Fleet News

Insight: Corporate social responsibility

However, companies that demonstrate best practice in fleet CSR don’t just consider risk management for company car and grey fleet drivers.

BT, which has been managing road risk for more than a decade, is a good example.

Its analysis in 2006 found that approximately 5% of its motor vehicle collision claims involved family members driving BT vehicles.

As a result it decided to offer family members access to an online training module ‘One More Second’, supported by discounted on-the-road defensive driver training.

More than 4,000 BT family members have logged onto ‘One More Second’ so far.

Balfour Beatty Fleet Services also extends its road safety message to family members and the wider community.

Organisations can join a number of safety groups and initiatives, such as Brake and its annual Road Safety Week and the Driving for Better Business campaign.

Bringing the road safety message into schools is a step many CSR-aware companies take.

Arval has conducted a crash re-enactment at schools and organised school quizzes with the Wiltshire fire and rescue service in Swindon.

Recently it teamed up with Michelin to host a Theatre in Education puppet show to two groups of over-16s at schools near its headquarters in Swindon.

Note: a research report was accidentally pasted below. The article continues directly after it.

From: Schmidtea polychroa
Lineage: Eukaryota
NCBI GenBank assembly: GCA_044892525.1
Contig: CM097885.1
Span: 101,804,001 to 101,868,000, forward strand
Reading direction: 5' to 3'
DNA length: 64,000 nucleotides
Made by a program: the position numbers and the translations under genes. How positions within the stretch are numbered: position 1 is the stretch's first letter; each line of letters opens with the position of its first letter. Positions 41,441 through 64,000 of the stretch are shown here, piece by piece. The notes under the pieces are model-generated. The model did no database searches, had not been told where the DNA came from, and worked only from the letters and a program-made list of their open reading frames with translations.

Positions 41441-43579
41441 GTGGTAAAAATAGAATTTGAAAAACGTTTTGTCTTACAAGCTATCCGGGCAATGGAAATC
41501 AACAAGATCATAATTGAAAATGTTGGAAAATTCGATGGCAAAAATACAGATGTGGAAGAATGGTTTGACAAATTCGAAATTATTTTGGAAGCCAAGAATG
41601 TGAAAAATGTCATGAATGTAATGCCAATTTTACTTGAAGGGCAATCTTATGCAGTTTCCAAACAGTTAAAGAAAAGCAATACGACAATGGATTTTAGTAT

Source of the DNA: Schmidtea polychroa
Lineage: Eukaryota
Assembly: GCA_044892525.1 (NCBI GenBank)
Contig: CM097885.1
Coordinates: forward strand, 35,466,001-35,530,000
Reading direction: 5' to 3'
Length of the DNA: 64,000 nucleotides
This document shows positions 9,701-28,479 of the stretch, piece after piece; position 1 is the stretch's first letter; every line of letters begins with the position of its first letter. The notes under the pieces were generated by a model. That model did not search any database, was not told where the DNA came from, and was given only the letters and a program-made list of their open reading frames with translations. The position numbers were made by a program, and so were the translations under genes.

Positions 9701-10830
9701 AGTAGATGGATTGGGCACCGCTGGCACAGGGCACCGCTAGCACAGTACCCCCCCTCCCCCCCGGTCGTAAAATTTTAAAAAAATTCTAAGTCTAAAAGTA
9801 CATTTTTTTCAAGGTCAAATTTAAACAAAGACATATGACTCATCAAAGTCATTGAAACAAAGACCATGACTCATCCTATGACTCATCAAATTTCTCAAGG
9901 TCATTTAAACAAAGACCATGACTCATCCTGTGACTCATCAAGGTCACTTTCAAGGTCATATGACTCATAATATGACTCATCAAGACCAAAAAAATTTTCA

The show features life-sized characters that tell stories and give some harsh statistics.

For example, being a passenger in a car is the highest cause of death for girls aged between 16 and 25 in this country.

It highlights the importance of individual responsibility and the dangers of peer pressure.

Scarr says: “The puppeteer tackles key messages in an edgy and memorable way which teenagers will relate to and will hopefully make them think about their own driving habits.

It is so important to make young people aware of the risks associated with driving and how to assess dangers effectively.”

Graham argues that drivers themselves have a role to play, particularly when it comes to road safety.

He doesn’t believe that employees should be “wrapped in cotton wool”.

However, drivers cannot be forced to take responsibility for their own actions, they have to be encouraged by the company, according to Graham.

“You have to make it interesting and part of the business culture so that people want to do it,” he says.

Scarr agrees that communication is important.

“Simple awareness is a great way of making improvements in performance,” she says. “Consistently explaining the benefits of good CSR practises to drivers can have a notable impact.”

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